This, along with propagation of the same, I believe, is the reason racism exists, or at least, the reason racism started. Race hatred is one of the most powerful forms of malevolence, because it manifests in a group vs individual situation. Cultural and color differences are apparent at a glance. Paranoid, overprotective and small-minded people tend to abhor these differences, and instinctively lash out, verbally or physically. What is worse is that such people tend to attract similar-minded people. There is an Indian saying – “In a group, even a jackal becomes a lion.” Hence, in a public situation, racist hatred escalates quickly, making it one of the most antisocial and dangerous forms of hatred.
It is important to note that these fears also extend to hatred based on sexual orientation and religion. Hatred towards homosexuals arises mainly because of beliefs that gay people have made an unnatural and “evil” decision to be gay, that they shall forcefully convert each person to be gay, and that such people have a natural disposition to be rebellious and antisocial, among other such beliefs.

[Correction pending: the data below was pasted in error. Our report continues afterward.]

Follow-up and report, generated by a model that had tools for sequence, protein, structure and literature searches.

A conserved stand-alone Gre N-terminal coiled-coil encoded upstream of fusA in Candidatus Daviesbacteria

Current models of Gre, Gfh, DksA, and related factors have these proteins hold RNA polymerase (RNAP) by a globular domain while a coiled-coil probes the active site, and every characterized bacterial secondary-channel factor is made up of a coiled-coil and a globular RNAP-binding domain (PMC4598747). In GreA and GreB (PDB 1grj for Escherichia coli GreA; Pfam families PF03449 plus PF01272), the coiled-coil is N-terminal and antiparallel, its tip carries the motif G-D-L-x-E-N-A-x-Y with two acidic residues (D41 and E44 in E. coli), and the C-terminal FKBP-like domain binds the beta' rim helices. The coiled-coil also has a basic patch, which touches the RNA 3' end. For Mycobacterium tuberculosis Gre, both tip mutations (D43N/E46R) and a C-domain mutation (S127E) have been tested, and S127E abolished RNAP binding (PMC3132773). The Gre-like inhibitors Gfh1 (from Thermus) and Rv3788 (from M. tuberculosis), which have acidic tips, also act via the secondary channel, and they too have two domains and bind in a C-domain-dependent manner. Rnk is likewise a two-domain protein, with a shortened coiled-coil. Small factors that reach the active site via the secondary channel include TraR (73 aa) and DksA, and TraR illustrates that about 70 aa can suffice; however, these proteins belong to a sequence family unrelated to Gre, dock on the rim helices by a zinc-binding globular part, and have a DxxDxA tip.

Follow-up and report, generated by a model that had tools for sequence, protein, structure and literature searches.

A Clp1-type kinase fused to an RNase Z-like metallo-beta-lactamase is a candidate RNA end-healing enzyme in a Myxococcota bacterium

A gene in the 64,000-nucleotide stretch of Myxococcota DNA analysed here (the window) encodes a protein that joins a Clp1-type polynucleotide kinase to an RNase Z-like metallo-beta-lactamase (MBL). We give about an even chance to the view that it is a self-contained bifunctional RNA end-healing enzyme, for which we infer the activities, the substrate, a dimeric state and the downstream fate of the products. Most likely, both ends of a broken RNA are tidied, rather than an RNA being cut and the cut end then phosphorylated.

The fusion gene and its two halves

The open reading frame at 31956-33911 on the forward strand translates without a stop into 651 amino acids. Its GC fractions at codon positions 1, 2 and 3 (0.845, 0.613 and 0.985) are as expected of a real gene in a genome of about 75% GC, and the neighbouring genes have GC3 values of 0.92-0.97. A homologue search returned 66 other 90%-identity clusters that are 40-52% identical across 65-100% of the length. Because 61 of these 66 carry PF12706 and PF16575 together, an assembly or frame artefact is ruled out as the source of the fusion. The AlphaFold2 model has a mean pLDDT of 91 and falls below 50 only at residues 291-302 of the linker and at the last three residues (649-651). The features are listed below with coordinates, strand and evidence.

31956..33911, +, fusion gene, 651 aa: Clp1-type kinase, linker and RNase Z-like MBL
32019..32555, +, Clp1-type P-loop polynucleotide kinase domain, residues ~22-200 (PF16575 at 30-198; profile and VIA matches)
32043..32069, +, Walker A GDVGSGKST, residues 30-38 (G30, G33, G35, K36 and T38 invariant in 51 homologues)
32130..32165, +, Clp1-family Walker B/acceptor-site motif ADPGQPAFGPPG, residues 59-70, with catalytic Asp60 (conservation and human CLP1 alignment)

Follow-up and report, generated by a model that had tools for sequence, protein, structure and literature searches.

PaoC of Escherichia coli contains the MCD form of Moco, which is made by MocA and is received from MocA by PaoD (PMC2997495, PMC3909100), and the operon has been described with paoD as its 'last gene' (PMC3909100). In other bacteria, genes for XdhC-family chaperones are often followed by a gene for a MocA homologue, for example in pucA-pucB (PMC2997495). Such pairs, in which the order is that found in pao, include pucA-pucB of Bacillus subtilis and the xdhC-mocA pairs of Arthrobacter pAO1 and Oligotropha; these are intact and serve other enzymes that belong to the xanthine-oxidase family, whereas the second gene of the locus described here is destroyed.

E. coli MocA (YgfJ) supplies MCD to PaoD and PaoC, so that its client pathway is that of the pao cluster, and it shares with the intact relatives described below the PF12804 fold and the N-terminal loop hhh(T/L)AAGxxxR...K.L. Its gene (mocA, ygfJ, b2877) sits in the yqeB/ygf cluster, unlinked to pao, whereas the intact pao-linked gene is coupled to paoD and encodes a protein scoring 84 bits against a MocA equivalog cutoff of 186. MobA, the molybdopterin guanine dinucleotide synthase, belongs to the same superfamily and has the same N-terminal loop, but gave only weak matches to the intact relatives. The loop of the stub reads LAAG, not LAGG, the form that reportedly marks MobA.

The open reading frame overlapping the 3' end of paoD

Religion raises similar issues where a person (again, in a “cornered” state), believes that if someone else believes in a different God, a notion strictly forbidden by the holy scripture of their own religion, they will somehow be punished because they are “condoning the crime”, which also begets punishment (very conveniently).
Also worth noting is that all science fiction dealing with alien life depicts aliens as a much more advanced society, and that they are uniform/ (mostly) uniform species and have no concept of religion, in contrast to human beings who come in several variations of physical and social characteristics.
Dominance and Control